The other woman's work is never done

Kiss ... Dave (Erik Thomson) and Frankie (Brooke Satchwell).
Kiss ... Dave (Erik Thomson) and Frankie (Brooke Satchwell).

LATE in 2012, Brooke Satchwell was standing in a grocery shop when she noticed a woman looking at her.

It's a moment many actors face - when they're recognised for the role they're currently playing - but in this case she knew nobody would be asking for an autograph.

''I'm not very happy with you,'' the woman said. And Satchwell understood. The night before, as electrician Frankie Calasso, Satchwell had done the unthinkable and kissed Packed to the Rafters's beloved dad Dave (played by Erik Thomson), potentially derailing what had until then been the country's most stable screen family.

It was a dramatic goldmine for the actors, but Satchwell had guessed not everyone would be happy. And apparently she was right.

''It was definitely interesting territory for Packed to the Rafters to go into, because the premise of the show is their solid family unit,'' Satchwell says, laughing, as the next season of the drama goes into production - with Frankie still very much a part of the action.

''I thought I'd at least have some time to curry favour with the audience before I tore apart their hopes and dreams … but nope, it all happened pretty fast.''

What followed led to last season's cliffhanger, with the family slowly recovering, but broken trust an issue. And while they're all trying to put the moment in the past, it will echo through this year, Satchwell says.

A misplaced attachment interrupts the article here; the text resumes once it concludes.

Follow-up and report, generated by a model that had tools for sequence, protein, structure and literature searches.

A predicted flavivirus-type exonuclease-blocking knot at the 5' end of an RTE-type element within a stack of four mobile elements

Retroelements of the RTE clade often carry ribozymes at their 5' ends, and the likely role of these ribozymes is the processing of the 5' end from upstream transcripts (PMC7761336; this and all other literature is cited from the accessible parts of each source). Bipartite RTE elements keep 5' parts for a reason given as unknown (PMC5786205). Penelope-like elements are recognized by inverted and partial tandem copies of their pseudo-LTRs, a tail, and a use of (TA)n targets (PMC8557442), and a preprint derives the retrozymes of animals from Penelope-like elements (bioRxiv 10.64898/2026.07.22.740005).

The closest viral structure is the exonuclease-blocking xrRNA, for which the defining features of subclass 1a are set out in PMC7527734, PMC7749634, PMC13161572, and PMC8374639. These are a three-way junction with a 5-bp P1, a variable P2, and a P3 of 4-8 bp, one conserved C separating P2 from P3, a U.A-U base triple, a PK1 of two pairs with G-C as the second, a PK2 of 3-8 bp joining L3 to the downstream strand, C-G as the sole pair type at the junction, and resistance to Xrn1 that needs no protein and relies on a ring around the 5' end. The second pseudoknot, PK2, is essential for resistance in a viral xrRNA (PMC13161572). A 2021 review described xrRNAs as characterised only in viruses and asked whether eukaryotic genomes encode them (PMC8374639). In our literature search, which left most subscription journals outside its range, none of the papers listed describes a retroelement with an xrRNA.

''I think it was pretty extraordinary and a testament to forgiveness that Julie [Rafter, played by Rebecca Gibney] is actually championing Frankie's return. What a big woman!''

But not everyone is as forgiving as Julie, Satchwell adds, and that's what we'll see play out in 2013.

''With the episodic television timeline of one hour per week, there is a different timeline for the Rafters than there is for the rest of us, so when we return, some time will have passed. It's interesting to see the progression through anger and grief and forgiveness played out quickly … how it works and how those little, and big, moments impact on each character and how the characters process and deal with it.

''But I think that's what this show does that is like real life. Every day you have to get up and get on with it, and that's exactly what happens with the Rafters.''

So with Frankie there to remind the Rafters of what was nearly their biggest mistake, everyone forced to look at their own behaviour, and some family members due to be absent, big things are in store.

Satchwell jokes she would happily throw more grenades into the storyline: ''I would make it Frankie's mission to see how many of the Rafter relatives she can work her way through before the end of the series and how much forgiveness she can earn.''

Packed to the Rafters returns to Channel Seven in 2013.

This story The other woman's work is never done first appeared on The Sydney Morning Herald.